Whilst the past year has not been without its challenges for the garden retail industry, there are some positives to take away. We’ve fallen in love with our gardens – and more specifically, gardening – again.
In fact, 45% of people say they have coped with lockdown by gardening, spending an average of three hours more each week in the garden during lockdown. The knock-on effect on trade overall has been significant – with £5.4 billion spent on outdoor spaces in 2020.
The links between positive mental health and spending time in the garden are firmly established, and gardening itself is known to be very therapeutic for many. So much so that it’s being ‘prescribed’ by doctors as part of the NHS social prescribing initiative - a health scheme that will ensure millions of people are given a pathway to discover the joy of getting outdoors to start growing, join gardening groups to find new friends and benefit from the healing effects of nature.
These positive steps are something that the industry can really get behind, ensuring that we come together as a community to look after each other. With old-school enthusiasts and newbies alike flocking to garden centres in the coming months, seeking inspiration and the tools to make their garden dreams a reality – it’s a great opportunity to make sure customers (and staff) stay safe, happy and healthy outdoors.
Here’s a handy guide to help your staff and customers avoid some of the unexpected pitfalls that the green-fingered can encounter:
1. Beware of bites and stings
Whether it’s your plant advisors tending to outside stock or customers watering the garden at dusk, gardeners are likely to be in close contact with bugs like mosquitoes, bees, wasps, hornets and horseflies, particularly in summer. It’s important to have help on hand immediately if you happen to get stung or bitten.
To soothe any itching, pain or swelling caused by insect bites and stings, they can use bite away® - a completely chemical-free treatment, clinically proven (in a study by Müller et al. 2011) to improve pain in as little as two minutes.
This innovative device uses concentrated heat technology to trigger a response in the body when applied directly to the skin, providing effective relief from the first application.
Bugs and insects also eat away at prized vegetables and plants, so demand for products to protect plants is high all year round. By stocking a state-of-the art treatment in the garden pest section of your store, where customers will be looking for products to protect their plants, you can help safeguard them against insect bites and stings.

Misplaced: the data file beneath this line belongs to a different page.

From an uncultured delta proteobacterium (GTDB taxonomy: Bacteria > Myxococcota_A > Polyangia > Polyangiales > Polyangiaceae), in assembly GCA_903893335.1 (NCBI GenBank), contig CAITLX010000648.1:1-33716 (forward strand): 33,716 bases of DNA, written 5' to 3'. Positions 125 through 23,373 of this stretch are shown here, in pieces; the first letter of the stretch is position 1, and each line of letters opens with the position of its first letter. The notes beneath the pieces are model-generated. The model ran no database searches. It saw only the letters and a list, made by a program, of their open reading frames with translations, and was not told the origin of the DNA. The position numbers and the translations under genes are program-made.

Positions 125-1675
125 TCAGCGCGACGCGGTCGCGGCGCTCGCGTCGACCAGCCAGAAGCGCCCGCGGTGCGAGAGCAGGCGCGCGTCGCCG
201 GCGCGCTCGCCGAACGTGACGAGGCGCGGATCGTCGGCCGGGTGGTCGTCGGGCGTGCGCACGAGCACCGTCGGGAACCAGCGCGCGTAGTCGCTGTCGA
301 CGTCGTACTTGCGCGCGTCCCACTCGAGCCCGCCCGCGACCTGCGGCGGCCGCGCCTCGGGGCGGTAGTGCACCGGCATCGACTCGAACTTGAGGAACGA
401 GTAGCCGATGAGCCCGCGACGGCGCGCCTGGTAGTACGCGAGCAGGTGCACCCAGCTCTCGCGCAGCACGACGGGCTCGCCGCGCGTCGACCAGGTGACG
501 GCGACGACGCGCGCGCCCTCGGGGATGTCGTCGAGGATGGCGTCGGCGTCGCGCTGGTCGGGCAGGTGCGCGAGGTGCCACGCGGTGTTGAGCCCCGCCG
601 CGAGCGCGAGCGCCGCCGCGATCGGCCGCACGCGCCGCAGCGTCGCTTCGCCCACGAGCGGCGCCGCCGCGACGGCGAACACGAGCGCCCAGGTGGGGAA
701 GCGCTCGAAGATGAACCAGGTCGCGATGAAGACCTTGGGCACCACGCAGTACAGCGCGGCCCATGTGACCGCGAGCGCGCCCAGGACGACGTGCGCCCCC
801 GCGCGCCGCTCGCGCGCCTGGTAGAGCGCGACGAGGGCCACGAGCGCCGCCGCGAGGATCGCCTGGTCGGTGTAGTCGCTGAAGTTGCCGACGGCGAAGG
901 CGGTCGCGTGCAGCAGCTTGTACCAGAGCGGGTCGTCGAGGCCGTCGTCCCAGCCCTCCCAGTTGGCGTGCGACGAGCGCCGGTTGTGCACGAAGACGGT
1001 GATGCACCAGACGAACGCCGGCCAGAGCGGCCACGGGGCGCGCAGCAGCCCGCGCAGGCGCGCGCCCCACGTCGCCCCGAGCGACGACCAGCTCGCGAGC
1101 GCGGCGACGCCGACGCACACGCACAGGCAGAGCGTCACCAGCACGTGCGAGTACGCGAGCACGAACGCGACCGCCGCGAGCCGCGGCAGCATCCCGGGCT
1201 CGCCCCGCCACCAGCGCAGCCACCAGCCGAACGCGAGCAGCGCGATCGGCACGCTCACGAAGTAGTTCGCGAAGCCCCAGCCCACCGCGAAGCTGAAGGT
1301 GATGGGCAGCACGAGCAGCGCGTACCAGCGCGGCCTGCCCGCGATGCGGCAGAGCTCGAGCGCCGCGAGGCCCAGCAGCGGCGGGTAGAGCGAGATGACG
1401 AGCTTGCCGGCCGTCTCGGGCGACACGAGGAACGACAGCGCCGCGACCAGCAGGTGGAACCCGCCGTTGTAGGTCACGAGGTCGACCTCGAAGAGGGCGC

2. Don’t give your body a battering
The uninitiated might scoff at the thought of gardening being as strenuous as a sporting activity, but this really can be the case, especially if you’re a rookie. As with any sport, it’s important to get into a routine of stretching before and after a session in the garden to warm up and cool down your muscles. Common gardening injuries include lower back pain, ligament and joint strain, and excess pressure on the knees and shoulders.
To avoid injuries, customers should build up time in the garden gradually and take regular breaks every 30-60 minutes. Use a knee pad or cushion when kneeling and use tools that are lightweight and sharp. It’s also important to vary your tasks throughout the day in order to avoid hours of repetitive movement.
Giving advice to staff on safe handling and lifting can help to prevent injuries and ensure your workforce is healthy and ready for action. Lugging around bags of compost all day is an upper body workout like no other!
3. Stay sun savvy
When you’re in the thick of weeding, planting or pruning on a hot summer’s day - for customers at home or for staff on site - you’re an easy target for sunburn and heatstroke. Suffering from either of these will make gardening the next day very painful indeed, but keeping safe in the sun is simple: apply SPF30+ sunscreen generously every few hours when working outside.
Additionally, it’s sound advice to wear a cap or sun hat to protect your face and head from the sun’s glare. It’s also crucial to take regular breaks in the shade and to drink plenty of water to avoid dehydration.
4. Don’t become the rose between two thorns
Depending on what you’re planting, gardening carries the risk of nasty cuts from thorns, prickles and spikes. High-quality gardening gloves are an absolute must to protect hands and lower arms, as well as long sleeves and trousers where possible.
Bare feet are also a ‘no no’ – gardening shoes will shield feet from any unwelcome cuts or splinters. If cuts do happen, a fully compliant first aid kit – at home and in store – is essential and should contain antiseptic cream and plasters to start the healing process quickly.
For information on pricing and ordering please contact enquiry.mibeUK@dermapharm.com or call 0203 870 7504
*bite away® is dermatologically tested and suitable for the whole family, including pregnant women, allergy sufferers and children (for self-application from the age of 12 years upwards.) The application of bite away® is limited to five times per hour – with at least two minutes in between applications - on the same spot. For more information, please visit mybiteaway.co.uk.